How does one check that the child's eye is developing properly?
The eye has two basic abilities: (1) Raw sight or color and black white vision with all its attendant abilities to see in the light and dark. (2) Ability to locate and fix on an object, thus simultaneously changing focus and judging an object's distance and depth.
In a child, both the function of its eye and the extent of development of the eye have to be tested separately. (A child is usually born hypermetropic with a small plus number, around +3.00. By the age of four, the eyeball grows, and the number vanishes). The ability to judge the extent of vision, depends on symbol recognition and an appropriate response following recognition.
Obviously you cannot ask a new-born baby what and how it sees, and hence all tests are indirect, based on neurologic evaluation of the rate of development. Nevertheless during the last few years with the rapid advance of the science of photo-electronics, the understanding of the new-born eye has progressed rapidly.
What are the neurologic movement tests done to check the development of the eye in a child?
The neurologic tests are done by seeing the movement of the eye under certain conditions. Each movement indicates a functional eye mechanism with a balanced neurologic component.
The earliest movement usually present at birth is the gliding movement. When the child's head is turned to the opposite side, the eye remains-fixed at a point in space, thus compensating for the movement. Thus, though the head may be moved by the parent or doctor, the eye will remain at a particular point and not move with the head rotation.
Optically elicited movement
Optically elicited movement is usually present in the second week of life. Any object introduced in the child's vision will immediately attract attention to it.
After the eye fixes at an object, if the object is moved the eye continues to follow the movement. It is present at the age of 4½ months.
Acoustic (sound) elicited eye movement
If you clap your hands, the baby tries to locate the sound by sight and fixes to it, even though the object is not in its visual field. This is not developed till the 5th month of life.
This is not valid if the noise-producing movement is within its visual field in which case the much earlier elicited optical movement comes into play.
How is the vision of an eye tested?
Direct tests are difficult unless a child can respond. However by 4 months, tests can be devised to check vision.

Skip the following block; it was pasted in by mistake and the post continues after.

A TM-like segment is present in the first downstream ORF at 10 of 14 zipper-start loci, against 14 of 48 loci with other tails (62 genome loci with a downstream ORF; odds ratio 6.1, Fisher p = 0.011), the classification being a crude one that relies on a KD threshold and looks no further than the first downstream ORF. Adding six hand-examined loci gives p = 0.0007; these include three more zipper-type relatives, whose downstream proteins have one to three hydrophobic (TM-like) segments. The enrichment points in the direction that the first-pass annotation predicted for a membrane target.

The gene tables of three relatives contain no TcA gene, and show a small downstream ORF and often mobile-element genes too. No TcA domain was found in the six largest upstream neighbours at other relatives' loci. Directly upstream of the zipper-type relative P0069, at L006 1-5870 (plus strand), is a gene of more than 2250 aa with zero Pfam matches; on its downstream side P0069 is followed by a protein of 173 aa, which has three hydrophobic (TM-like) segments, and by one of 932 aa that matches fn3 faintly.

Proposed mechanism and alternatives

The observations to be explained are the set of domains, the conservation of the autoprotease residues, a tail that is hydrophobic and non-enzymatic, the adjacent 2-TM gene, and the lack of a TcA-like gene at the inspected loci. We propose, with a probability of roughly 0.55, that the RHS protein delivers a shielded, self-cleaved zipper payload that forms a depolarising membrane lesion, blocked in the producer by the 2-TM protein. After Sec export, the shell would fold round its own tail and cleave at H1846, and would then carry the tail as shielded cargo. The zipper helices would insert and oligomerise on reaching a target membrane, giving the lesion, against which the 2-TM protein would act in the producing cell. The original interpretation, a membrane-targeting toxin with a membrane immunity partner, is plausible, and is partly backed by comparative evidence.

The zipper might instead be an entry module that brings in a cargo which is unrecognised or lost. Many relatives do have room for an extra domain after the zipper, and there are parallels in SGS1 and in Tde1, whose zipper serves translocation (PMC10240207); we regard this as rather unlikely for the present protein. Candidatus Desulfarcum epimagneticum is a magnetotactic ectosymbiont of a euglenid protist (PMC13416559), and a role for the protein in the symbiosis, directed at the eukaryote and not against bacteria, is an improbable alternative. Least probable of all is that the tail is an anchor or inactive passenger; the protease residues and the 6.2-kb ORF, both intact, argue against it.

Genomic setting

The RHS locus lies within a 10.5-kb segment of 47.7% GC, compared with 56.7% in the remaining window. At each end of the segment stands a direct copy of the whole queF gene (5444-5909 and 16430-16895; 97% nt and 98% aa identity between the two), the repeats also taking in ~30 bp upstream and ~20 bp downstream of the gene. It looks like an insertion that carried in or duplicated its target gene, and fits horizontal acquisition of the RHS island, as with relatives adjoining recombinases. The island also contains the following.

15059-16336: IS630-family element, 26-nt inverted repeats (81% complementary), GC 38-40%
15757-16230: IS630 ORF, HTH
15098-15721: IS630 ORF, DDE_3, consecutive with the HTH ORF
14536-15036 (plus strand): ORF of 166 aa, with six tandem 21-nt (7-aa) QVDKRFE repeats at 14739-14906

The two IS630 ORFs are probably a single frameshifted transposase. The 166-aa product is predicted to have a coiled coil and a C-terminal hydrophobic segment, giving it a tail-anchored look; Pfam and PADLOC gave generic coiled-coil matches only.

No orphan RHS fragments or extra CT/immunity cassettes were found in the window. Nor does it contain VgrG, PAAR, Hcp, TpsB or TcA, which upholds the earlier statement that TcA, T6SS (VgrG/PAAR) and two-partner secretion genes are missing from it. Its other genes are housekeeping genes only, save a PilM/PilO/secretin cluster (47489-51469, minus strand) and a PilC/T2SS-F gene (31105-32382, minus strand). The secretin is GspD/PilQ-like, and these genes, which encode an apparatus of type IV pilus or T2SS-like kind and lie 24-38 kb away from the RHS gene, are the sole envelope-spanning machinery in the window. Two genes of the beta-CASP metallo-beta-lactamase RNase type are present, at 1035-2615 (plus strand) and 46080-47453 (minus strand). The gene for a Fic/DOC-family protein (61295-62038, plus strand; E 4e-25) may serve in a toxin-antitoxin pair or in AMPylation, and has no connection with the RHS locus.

At 4 months, a 1 inch square white block placed on grey paper five feet from the child should elicit a response from the child, when moved to and fro. Alternatively to increase contrast the block may be hung from a string against an illuminated black background.
At the age of 5 months, the child will follow the block if moved.
Though crude tests, they are important for checking that the visual ability is present in the earlier months.
When does a child need to have its eye examined and why?
The first examination should be at the age of 5 months. The macula, the area of clearest vision in the retina, develops completely by 6-8 months and hence any problems in the eye which stop light from reaching this area will stop its development and must be treated urgently before the development is complete.
The second examination should be at the age of 2 years. By this time most of the development of the eye is complete and any abnormalities can be attended to.
The third examination should be at the age of 5 years. The muscle balance is almost complete and any problem, especially suspected squint, is best treated at this age. Vision can be tested subsequently as response is now easy.
Subsequently an eye check-up every 2 years is adequate provided no problems are present.
What are the symptoms that may indicate vision problems in a child?
(1) Rubbing the eyes
(2) Closing or covering one eye
(3) Squinting while looking at the blackboard
(4) Headaches after reading
(5) Tilting the head to one side
(6) Holding reading material very close to the eye
(7) Moving the head instead of the eye while reading
(8) Puffy eyelids, especially in the evening
(9) Persistent letter or word reversal
(10) Confusing similar words
(11) Frequently leaving out words while homework is copied from the blackboard
(12) Drop in school grades after 3rd standard
(13) Persistent motion (car or train) sickness
(14) Blurring of vision at any time.
The visual causes of many of these symptoms are not picked up in a typical school screening test. Therefore the value of the screening is limited and should never be construed to be a vision examination.